Background: Utilisation of research evidence has become a central requirement in healthcare. Although the notion of evidence-based practice has been widely embraced in the developed world, research shows this to be less understood and implemented within low-income settings. There is need to understand the factors underpinning the uptake of evidence based practice within these settings.
Objectives: The aim of this review was to synthesise available evidence regarding the barriers to and facilitators of research evidence utilisation in healthcare practice within low-income settings.
Methods: A qualitative systematic review of literature was undertaken between October 2016 to March 2017. Six databases (CINAHL, Ovid MEDLINE (R) 1946, ASSIA, PsychInfo, Web of Science, and EMBASE) were searched followed by hand searching of reference lists. Methodological quality was assessed using the Qualitative Assessment and Review Instrument developed by the Joanna Briggs Institute (JBI-QARI). Qualitative findings were extracted using the JBI-QARI and synthesised using a pragmatic meta-aggregative approach.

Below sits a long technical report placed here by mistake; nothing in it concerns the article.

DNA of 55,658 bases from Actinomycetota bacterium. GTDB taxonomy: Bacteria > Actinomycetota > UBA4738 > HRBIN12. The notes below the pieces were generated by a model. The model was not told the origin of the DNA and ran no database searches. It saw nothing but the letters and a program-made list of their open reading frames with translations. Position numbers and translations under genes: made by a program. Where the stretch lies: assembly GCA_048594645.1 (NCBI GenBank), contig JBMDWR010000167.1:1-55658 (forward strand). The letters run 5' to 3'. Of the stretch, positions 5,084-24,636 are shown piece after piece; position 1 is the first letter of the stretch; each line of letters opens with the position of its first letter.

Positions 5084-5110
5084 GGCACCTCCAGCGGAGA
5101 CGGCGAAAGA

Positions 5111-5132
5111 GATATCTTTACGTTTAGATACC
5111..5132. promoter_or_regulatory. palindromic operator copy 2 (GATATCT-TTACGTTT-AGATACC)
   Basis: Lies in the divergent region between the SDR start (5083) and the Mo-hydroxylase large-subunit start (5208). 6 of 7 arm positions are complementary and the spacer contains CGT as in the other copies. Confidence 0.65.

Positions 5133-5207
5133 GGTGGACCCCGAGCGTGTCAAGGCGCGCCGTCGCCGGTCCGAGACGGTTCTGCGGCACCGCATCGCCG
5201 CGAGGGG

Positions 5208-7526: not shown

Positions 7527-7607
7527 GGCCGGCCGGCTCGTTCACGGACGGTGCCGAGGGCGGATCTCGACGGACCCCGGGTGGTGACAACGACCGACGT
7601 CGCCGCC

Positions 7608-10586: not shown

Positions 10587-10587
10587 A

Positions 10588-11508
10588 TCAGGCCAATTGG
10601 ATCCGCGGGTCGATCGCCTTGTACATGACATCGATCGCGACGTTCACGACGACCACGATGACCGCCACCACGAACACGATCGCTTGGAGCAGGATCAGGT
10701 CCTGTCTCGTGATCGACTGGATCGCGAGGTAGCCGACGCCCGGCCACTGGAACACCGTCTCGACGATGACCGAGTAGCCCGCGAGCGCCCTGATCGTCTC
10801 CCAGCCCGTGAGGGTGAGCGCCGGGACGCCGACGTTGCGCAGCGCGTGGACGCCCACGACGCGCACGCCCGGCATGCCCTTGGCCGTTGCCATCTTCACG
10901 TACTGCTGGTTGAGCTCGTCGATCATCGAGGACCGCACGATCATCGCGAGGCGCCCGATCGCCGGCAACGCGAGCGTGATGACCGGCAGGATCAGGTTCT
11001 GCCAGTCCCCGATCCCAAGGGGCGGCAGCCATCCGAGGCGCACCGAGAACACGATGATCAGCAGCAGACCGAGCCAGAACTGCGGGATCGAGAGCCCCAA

Results: Nine studies were included. The review identified several factors influencing evidence utilisation in healthcare within low-income settings. The main barriers included: lack of knowledge about evidence based practice, lack of access to resources, unsupportive policies, lack of institutional/management support, negative attitudes towards evidence-based practice, and resistance to change. The main facilitators included: Collaboration with international institutions, participation of local stakeholders, staff motivation, context-based policies and guidelines, availing resources, proving trainings, and supportive policies.
Conclusions: Significant barriers challenge the utilisation of evidence in healthcare practice in low-income settings. Approaches to improving evidence utilisation in these settings should primarily focus on: building capacity through trainings; supportive institutional policies; and availing necessary resources. Limited research on this subject has been undertaken in sub-Saharan Africa and future research should target this context.